The CHAIRMAN. The suggestion has been made that we take the deepest yellow of butter at the height of the green season and that oleomargarine be required to carry the color on to an even deeper yellow, so that by the consumer taking a look, he can see when he is getting oleomargarine. Would that be feasible?
Mr. LEPPER. I do not believe the information is now available to set in legal terms what that deepest color is. It would only be a matter of controversy if you get it in general terms.
The CHAIRMAN. Do you not have a scientific gradation of colors! Mr. LEPPER. That is correct, but I do not know that there is a record of the measurement of what is that deepest color at the present time. It could be done.
The CHAIRMAN. You have to invent a measure for it, then.
Mr. LEPPER. You will have to determine what the limit of deepest color is in butter.
The CHAIRMAN. A gentleman came in to see me the other day who said that Germany had this problem at one time, and they solved it in this way, and I do not vouch for the accuracy of the statement at all. He said that Germany compelled the margarine people to introduce a chemical which had this effect: If you were suspicious in a restaurant as to what you were eating, you could take a match and touch the corner of the margarine, and there would be a very slight flame, which would not occur if you did the same thing to butter. Is that apocryphal, or what?
Mr. LEPPER. I have never heard that one, but I do know that in some of the foreign countries, in Denmark, for example, the government requires the addition of a certain percentage of a very easily identified oil to expedite the enforcement of the oleomargarine regulations, and makes the identification of the product simple and easy without great expense.
The CHAIRMAN. Has your Department made a study of foreign practice in this matter?
Mr. LEPPER. No, that information we gather in the course of our general reading and keeping up with the literature as we say on the subject. We have never investigated all of the foreign regulations and requirements.
"I would like to read to you a proposed amendment to the food and drug law and ask you whether in your opinion such an amendment would be effective in preventing deception and confusion. It would be proposed to amend section (102) as follows:
A food shall be deemed to be adulterated if it is oleomargarine, and it contains any artificial flavor or artificial color.?”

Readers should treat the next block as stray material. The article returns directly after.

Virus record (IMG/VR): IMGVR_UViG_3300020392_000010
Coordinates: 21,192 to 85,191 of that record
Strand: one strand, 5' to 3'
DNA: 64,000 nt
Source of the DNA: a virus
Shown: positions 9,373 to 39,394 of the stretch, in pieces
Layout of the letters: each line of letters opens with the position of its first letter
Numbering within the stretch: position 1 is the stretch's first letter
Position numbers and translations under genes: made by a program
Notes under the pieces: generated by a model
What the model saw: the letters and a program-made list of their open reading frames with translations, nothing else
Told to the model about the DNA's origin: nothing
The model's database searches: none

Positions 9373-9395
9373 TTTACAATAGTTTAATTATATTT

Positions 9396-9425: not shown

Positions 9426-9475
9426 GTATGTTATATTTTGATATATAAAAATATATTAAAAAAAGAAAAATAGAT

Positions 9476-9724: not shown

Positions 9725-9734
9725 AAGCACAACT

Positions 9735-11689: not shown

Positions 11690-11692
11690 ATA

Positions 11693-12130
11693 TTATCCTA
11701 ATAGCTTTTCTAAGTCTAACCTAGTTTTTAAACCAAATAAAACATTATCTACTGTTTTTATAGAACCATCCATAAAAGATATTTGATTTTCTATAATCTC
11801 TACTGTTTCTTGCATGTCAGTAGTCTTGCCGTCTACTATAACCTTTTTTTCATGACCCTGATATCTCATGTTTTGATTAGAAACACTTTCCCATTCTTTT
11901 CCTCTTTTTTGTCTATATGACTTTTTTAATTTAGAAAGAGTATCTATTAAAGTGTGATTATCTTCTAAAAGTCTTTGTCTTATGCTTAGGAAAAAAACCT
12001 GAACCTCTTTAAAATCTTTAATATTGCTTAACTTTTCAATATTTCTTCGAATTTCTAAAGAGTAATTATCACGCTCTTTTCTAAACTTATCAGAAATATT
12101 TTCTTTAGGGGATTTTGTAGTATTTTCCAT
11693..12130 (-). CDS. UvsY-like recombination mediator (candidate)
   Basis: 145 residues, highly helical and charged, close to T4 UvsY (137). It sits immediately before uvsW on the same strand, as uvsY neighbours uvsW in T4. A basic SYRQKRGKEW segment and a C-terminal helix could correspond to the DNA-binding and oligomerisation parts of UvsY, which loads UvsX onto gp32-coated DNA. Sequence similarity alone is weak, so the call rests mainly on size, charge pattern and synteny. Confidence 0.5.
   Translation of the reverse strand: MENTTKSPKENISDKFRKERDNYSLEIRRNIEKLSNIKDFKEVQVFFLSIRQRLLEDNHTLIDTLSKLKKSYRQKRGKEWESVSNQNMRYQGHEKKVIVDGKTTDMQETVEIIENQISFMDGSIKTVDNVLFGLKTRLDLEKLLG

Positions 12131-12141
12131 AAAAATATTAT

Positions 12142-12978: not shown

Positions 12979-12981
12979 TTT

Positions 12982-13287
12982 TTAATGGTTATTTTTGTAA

The CHAIRMAN. What is the question about that?
Senator CONNALLY. In that connection oleomargarine of course is a synthetic product. There are many elements in it and all of that might be termed artificial, so that it would be very confusing, would it not, an amendment of that character ?
Mr. LEPPER. I think the language is clear enough, Senator, artificial flavor and artificial color. They are very well established.
Senator CONNALLY. But in the case of natural, you said they used to make a natural yellow.
Mr. LEPPER. That is correct.
Mr. LEPPER. That would not be artificial; no, sir. The color derived naturally from one of the ingredients of it would be natural.
Senator CONNALLY. That amendment would denounce that as being adulterated ?
Mr. LEPPER. No, sir, that would not.
The CHAIRMAN. It would certainly widen the difference in taste and appearance, would it not?
Mr. LEPPER. It would widen the difference in taste and appearance.
The CHAIRMAN. So the question as to whether an amendment of that kind is desirable is really a question of legislative policy, is it not?
Mr. LEPPER. The question was asked if it prevented deception and confusion.
The CHAIRMAN. To the extent that there is deception or confusion, obviously the more you put into law that draw the distinctions in tasté and appearance, the more you eliminate confusion.
Mr. LEPPER. That is correct.
Senator HAWKES. The question asked is one that I cannot quite see any philosophy in back of at all, that is, any sound philosophy. I understand, Mr. Lepper, that the Pure Food and Drug Act was amended so that a natural product made from a certain kind of oil which had when it was finally produced and completed a yellow color may be as deep or deeper than butter, that they put an amendment in there and made them treat that natural product so that it did not have the color that naturally came to it.
Mr. LEPPER. That is correct, with one exception. You said the food law was amended. It was not the food law, Senator. It was the internal revenue tax law that was amended.
Senator HAWKES. I withdraw that statement and substitute internal revenue law. But I cannot see the objective of that. In other words, that is a good deal like telling me that if I take certain ingredients